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tv   All In With Chris Hayes  MSNBC  June 11, 2020 12:00am-1:00am PDT

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that's also our broadcast for this wednesday evening. thanks for being here with us. on behalf of all of our colleagues at networks of nbc news, good night from our temporary field headquarters. temporary field headquarters. tonight on all in, nascar bans the confederate flag and the president defends the confederacy. it's america 2020. the coronavirus still raging. 21 states now seeing a surge in cases and trump's own task force raising new alarms. the pandemic that hasn't gone anywhere. plus, stacey abrams is here on george's spectacular voting failure. and what americans should be worried about in november. and heather mcgee on the seismic shift in american views on racism when "all in" starts right now. good evening from new york. i'm chris hayes. the coronavirus is not gone, and worst of that in some places it looks to be roaring back. things have gotten much better
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in new york and new jersey and many others. but in many states things have gotten much worse. and you wouldn't know that if you listened to the white house. donald trump does not like bad news, he doesn't like to confront reality, which is why he told us the cases which just crossed two million were going down to zero. and crucially and perhaps more importantly, donald trump just has a painfully short attention span. we talked about the fact the president abandoned any pretense of caring of spread of the virus and over a hundred thousand deaths. he got bored a month ago when he could no longer use coronavirus briefings as political rallies and just flitted on to the next thing. you see it in everything he does. just today amidst all of the unrest, crisis, he was complaining fox news cut away from a congressional hearing he was watching at 11:00 a.m. on a weekday. this afternoon he threaded together a truly bazaar argument
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highlighting a history of winning, victory and freedom, all attributes not typically associated with the confederacy. donald trump as the attention span of a fruit fly, but the thing about it is the virus is still there. it's not gone. there is still a pandemic to manage and things are getting worse in parts of the country and nobody at the federal level appears to be managing it. do you remember dr. anthony fauci? yesterday he popped up to say, hey, it isn't over. >> now we have something that indeed turns out to be my worst nightmare. if you just think about it, in a period of four months, it has devastated the world. like, oh, my goodness, when is it going to end? it really is very complicated. so we're just at almost the beginning of really understanding. >> we are almost at the beginning of really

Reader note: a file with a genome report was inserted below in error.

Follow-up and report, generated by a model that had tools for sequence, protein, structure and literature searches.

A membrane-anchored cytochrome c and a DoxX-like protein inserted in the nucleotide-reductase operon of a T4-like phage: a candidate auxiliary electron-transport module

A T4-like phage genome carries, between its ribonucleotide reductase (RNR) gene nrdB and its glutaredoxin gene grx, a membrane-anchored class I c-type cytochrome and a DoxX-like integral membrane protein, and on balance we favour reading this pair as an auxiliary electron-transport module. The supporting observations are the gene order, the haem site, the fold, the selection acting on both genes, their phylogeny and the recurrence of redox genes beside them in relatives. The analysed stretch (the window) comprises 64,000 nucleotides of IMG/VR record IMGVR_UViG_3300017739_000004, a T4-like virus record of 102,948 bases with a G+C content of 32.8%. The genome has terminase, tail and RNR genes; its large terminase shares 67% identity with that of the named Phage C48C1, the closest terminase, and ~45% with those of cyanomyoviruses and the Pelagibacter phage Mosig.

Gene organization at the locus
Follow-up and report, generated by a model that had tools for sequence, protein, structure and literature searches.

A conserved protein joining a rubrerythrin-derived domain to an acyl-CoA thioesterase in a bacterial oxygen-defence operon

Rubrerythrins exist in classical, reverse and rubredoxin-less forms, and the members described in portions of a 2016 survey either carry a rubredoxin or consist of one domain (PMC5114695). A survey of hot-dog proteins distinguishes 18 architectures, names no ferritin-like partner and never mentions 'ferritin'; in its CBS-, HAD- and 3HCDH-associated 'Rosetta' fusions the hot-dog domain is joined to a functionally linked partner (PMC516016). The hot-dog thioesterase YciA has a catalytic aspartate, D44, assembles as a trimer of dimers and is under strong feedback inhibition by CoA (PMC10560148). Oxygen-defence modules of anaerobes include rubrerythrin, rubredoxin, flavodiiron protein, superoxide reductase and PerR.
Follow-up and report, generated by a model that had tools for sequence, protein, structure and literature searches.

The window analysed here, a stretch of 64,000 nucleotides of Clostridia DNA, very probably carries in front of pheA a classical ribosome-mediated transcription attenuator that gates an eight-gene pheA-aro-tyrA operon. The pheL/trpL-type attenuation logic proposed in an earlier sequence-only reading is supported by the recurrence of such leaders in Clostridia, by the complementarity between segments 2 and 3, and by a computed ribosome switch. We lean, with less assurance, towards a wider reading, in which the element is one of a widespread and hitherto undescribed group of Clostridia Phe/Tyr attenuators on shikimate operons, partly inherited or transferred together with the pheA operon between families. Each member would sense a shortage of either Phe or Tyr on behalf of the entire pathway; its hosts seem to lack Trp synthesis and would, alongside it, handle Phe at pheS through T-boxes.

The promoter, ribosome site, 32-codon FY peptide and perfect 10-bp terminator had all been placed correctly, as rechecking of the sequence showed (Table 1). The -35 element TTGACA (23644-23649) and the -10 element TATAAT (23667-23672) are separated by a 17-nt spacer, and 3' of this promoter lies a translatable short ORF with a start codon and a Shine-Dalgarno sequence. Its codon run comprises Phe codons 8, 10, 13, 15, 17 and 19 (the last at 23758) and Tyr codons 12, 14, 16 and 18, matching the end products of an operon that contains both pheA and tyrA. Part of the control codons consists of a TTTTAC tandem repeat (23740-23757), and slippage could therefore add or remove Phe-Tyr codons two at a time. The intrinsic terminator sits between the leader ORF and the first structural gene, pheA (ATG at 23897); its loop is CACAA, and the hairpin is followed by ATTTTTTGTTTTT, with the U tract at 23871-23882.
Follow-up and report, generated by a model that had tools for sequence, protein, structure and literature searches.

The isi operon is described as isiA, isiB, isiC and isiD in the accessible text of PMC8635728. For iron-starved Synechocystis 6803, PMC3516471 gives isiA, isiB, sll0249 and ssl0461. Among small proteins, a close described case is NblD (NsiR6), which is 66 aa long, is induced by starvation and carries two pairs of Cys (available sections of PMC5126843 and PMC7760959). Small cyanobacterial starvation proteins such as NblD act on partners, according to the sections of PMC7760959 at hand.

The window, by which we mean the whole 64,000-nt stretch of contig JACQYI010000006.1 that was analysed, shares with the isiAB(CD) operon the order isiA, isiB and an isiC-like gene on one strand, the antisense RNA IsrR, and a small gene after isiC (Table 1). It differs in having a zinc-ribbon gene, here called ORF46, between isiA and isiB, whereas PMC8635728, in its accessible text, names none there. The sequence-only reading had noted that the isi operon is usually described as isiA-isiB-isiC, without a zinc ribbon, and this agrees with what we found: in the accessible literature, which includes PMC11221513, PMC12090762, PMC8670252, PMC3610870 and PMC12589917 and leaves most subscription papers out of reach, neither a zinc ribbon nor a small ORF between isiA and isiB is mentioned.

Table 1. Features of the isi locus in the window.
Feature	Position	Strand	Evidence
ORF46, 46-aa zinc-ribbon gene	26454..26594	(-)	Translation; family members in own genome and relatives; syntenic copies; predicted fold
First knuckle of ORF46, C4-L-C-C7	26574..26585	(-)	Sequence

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understanding the virus. meanwhile, the cdc, centers for disease control, is just totally absent as far as we could tell in this time of need. earlier today i had to stop and think very hard, concentrate even to remember the name of the man who is supposedly in charge. his name is robert redfield. when was the last time we saw him? the white house coronavirus task force continues to fade as a second wave of the virus is emerging. in recent weeks, the group has metaphor mali just three times. its members have begun drafting a final after-action report, as if the action is over, highlighting the president's response is expected to be completed in the upcoming weeks. there is no after because the pandemic is not gone. new cases are skyrocketing in arizona after the state reopened without a pattern of declining cases and without following the white house's own cdc recommendations. arizona's former health director who was on this show last night warned the state could need a
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new stay at home order less than a month after reopening. but arizona is not the only state where the pandemic is still raging. this is what new cases look like in texas. "the washington post" reports the state has seen a 36% increase in new cases since memorial with a record, and this is key because this takes out the testing question, right, a record 2,056 current hospitalizations as of early tuesday afternoon. that's actually the largest spike in the country. right behind it is north carolina. this right here is the day where the state relaxed its stay-at-home order, and it did not look like a great idea even then. today north carolina had a record high coronavirus hospitalizations with more than 1,000 new cases. and as dr. anthony fauci referred, there is so much we don't know how the virus behaves. there's so much we are learning. we know it is highly contagious. but certain situations doomed for disaster also turned out okay. we all saw this footage of people crowded into the swimming pools in the lake of the ozarks
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in missouri. that seemed like a recipe for disaster, especially after it was confirmed at least one infected person was there. but somehow there appear to be no new confirmed cases from the lake of the ozarks crowds which is good. two hair stylists tested positive, exposing nearly 140 people to it. but none of the 46 people who took tests tested positive. it is possible because the salon, to its credit, required people to wear masks and used other preventative measures such as separating salon chairs and staggering appointments. a new study from the u.k. says widespread mask wearing could be a huge part of the answer. quote, the study found if people wear masks wherever they are in public it is twice as effective in reducing the r value than if masks are only worn after appear. if everyone wears a mask fewer will get the disease.